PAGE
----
Controversial bills up for debate in legislative session

From - By: Nikki Ibarra, KOB Eyewitness News 4 - Tuesday kicks off the 30-day legislative session in New Mexico. A number of controversial bills are set to take the state in the coming weeks.
     First, Gov. Susana Martinez will give her State of the State address, where she's expected to talk about her budget proposal for 2014. She wants $6 billion in spending, with about $100 million in new spending for public schools.
Martinez has been vocal in the past about making New Mexico competitive through education reform. Part of the new funding will go toward raising the starting salaries for new teachers from $30,000 to $33,000.
     The governor is also expected to push the state to stop issuing driver's licenses to undocumented immigrants—something she's fought for in the past four sessions.
     Another bill expected to heat up the legislative session is about legalizing recreational marijuana in New Mexico. The bill is modeled after Colorado's new pot law, and anyone 21 and older would be allowed to possess and use marijuana. The lawmaker who proposed the legislation, Sen. Gerald Ortiz y Pino, said he thinks legalizing marijuana will actually help fight to war on drugs. More

NM ranks near the bottom for economic job growth

An economic study ranks New Mexico as one of the worst in the nation when it comes to economic and job growth.
The report, authored by the University of New Mexico’s Bureau of Business and Economic Research, shows New Mexico ranks 48 among states when it comes to job growth.
According to the report New Mexico had previously been ranked among the top 15 states for job growth over the last 40 years. The report showed New Mexico has the largest gap of any state when it comes to the disparity between its upper and lower class incomes. There’s also a large educational disparity. The report points out the state ranks fourth in the country with the number of people living here with Ph.D.s, but toward the bottom when it comes to people with bachelor’s degrees.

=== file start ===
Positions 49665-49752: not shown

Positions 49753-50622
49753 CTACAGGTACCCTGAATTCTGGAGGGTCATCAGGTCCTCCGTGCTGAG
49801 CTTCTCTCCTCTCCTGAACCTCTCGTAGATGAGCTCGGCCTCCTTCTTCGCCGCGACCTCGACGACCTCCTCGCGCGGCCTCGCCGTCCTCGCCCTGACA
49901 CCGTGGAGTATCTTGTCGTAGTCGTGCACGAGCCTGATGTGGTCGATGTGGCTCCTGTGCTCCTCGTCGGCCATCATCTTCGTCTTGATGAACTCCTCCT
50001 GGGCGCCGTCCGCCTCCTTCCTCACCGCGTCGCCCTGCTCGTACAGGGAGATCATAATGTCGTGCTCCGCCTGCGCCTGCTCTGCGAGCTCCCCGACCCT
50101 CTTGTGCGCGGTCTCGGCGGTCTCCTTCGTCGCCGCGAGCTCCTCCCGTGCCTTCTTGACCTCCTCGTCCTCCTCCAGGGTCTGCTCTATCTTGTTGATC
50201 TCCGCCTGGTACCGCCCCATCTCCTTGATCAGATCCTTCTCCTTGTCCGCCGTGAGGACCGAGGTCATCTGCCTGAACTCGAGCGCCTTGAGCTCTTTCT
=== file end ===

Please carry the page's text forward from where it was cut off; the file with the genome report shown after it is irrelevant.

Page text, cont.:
The report also shows the state relies heavily on federal dollars and its economy could be badly hurt by any cuts to federal spending. It also said the state could benefit from the Affordable Care Act. 
There are some positives. According to the report, New Mexico does well in the areas of technology, arts and culture, mining, gas and oil production, transportation and tourism.


Student shot at Roswell school returns home

Kendal Sanders
One of the students wounded when a classmate opened fire inside a Roswell middle school gym is recovering at home. 
The family of 13-year-old Kendal Sanders says she was released from the hospital Sunday. She had surgery last week to repair damage done to her shoulder. 
The other victim, 12-year-old Nathaniel Tavarez, remained at a Lubbock, Texas, hospital Monday. A family member says the boy is in critical but stable condition and is now breathing on his own. 
Sanders and Tavarez were wounded when the gunman entered the crowded Berrendo Middle School gym last Tuesday and fired three times from a 20-gauge shotgun. 
The seventh-grade suspect has been charged as a juvenile with three counts of aggravated battery with a deadly weapon. Police have yet to speculate about a motive.


State legislature convenes today

Gov. Martinez
Gov. Susana Martinez will outline her legislative priorities to lawmakers on the opening day of the Legislature's 30-day session. 

Lawmakers convene at noon today, and the governor will deliver her State of the State address to a joint session of the House and Senate. 

Martinez already has unveiled parts of her legislative agenda, including merit pay for teachers and budget increases for programs to help train more health care professionals.

 A Democratic legislator is sponsoring a constitutional amendment to legalize the possession and use of marijuana by people 21 and older. 

Democratic Party officials are urging the Legislature to raise the minimum wage to at least $10 an hour, up from $7.50. The session is limited to budget, taxes and proposals placed on the agenda by the governor.